Roehm, Wal-Mart End Legal War

NEW YORK Former Wal-Mart marketing exec Julie Roehm said she would not pursue her wrongful termination lawsuit against the company, citing the financial costs involved. Now that Roehm has said she would not refile her suit, Wal-Mart said it would no longer pursue its litigation against her.

In August, a Michigan state judge threw out the case, filed there in December, saying the proper jurisdiction was Arkansas, headquarters of the Bentonville, Ark.-based retailer. In March, Wal-Mart filed a counterclaim.

In a statement, Roehm said she is not receiving any money or compensation to settle her complaint to recover severance outlined in her contract.

“I thought that a settlement agreement would be reached within a few weeks. Instead, the lawsuit has expanded into other issues, and has become more difficult and financially draining than I ever imagined,” Roehm said in her statement.

In addition to the costs involved, Roehm acknowledged that the decision reflects the fact that certain allegations she made against Minnesota businessman Irwin Jacobs and Wal-Mart CEO H. Lee Scott were untrue. In May, Roehm had filed a counterclaim, alleging that Scott received “preferential prices” on “a number of yachts” and “a large pink diamond for his wife” from Jacobs, whose Jacobs Trading Co. has exclusive rights to buy unsold Wal-Mart merchandise. Roehm alleged that Scott violated Wal-Mart’s ethics policy. Wal-Mart had fired Roehm after it accused her of accepting gifts from DraftFCB during an agency review that later resulted in the agency’s procurement of the business. Jacobs filed a defamation suit in response, a complaint he is now withdrawing.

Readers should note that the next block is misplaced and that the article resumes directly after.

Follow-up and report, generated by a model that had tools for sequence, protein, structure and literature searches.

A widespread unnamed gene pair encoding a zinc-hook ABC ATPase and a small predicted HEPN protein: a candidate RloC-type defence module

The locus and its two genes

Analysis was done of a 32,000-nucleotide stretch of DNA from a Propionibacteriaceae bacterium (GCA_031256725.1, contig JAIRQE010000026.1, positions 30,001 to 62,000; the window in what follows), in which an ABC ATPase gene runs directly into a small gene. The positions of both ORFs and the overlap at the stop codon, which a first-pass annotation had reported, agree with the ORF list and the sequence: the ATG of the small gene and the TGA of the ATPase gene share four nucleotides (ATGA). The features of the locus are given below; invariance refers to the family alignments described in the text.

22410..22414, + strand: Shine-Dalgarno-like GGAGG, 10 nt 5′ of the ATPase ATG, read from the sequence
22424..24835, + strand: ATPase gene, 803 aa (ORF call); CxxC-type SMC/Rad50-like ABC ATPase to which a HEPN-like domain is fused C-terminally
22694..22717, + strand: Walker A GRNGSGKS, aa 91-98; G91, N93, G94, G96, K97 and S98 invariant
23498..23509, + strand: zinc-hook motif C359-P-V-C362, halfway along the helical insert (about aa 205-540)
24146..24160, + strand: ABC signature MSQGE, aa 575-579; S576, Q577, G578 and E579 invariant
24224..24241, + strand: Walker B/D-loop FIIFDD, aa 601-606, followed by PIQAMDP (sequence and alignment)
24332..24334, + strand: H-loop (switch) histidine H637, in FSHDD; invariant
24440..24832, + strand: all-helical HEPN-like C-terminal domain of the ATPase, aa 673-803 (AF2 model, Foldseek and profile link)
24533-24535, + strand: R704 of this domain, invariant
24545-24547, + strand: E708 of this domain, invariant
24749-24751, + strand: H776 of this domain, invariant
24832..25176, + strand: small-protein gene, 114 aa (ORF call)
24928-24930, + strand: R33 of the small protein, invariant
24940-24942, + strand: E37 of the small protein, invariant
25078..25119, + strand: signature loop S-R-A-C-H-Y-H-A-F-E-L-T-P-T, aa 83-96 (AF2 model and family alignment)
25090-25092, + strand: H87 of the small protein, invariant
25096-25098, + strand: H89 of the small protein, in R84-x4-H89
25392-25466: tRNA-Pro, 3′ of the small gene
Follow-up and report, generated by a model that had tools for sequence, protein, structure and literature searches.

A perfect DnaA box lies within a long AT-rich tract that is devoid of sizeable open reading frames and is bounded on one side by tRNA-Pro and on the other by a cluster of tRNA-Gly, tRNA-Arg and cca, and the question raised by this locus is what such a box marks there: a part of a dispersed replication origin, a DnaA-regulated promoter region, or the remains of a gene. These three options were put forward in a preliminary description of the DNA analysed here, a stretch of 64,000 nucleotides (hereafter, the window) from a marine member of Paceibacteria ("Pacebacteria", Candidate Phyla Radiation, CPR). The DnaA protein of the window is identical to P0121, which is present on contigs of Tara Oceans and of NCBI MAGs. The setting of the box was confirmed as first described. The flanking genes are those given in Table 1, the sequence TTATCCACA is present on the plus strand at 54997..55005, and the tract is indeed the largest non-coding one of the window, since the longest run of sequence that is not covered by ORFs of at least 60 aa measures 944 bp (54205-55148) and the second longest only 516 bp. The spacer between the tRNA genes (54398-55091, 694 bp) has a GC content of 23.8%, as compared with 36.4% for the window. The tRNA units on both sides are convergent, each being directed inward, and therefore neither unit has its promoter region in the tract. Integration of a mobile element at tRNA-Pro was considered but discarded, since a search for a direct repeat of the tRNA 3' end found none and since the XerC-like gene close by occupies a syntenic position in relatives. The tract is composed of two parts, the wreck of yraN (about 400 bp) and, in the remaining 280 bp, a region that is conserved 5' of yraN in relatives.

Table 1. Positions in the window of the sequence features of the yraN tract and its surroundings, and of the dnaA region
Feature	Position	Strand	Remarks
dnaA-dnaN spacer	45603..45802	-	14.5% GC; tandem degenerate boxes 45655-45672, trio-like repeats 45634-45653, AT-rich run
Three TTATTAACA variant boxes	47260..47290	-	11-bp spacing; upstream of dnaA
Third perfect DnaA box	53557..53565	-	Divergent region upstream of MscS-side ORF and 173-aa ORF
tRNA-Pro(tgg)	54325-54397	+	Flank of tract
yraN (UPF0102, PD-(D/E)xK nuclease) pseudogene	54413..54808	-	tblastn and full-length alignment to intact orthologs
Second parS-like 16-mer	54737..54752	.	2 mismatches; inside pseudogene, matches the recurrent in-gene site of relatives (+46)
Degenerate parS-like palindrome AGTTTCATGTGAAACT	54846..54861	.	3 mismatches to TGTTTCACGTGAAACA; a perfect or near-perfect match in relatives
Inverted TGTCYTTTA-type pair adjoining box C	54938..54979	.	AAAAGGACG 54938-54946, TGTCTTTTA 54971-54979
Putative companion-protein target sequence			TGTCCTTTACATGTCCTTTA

Sources said Roehm, who is still living in Bentonville, originally filed her suit believing the employment laws were more favorable in Michigan, her former home state. Since her dismissal, she has been doing consulting and “weighing offers” for other full-time employment, sources said.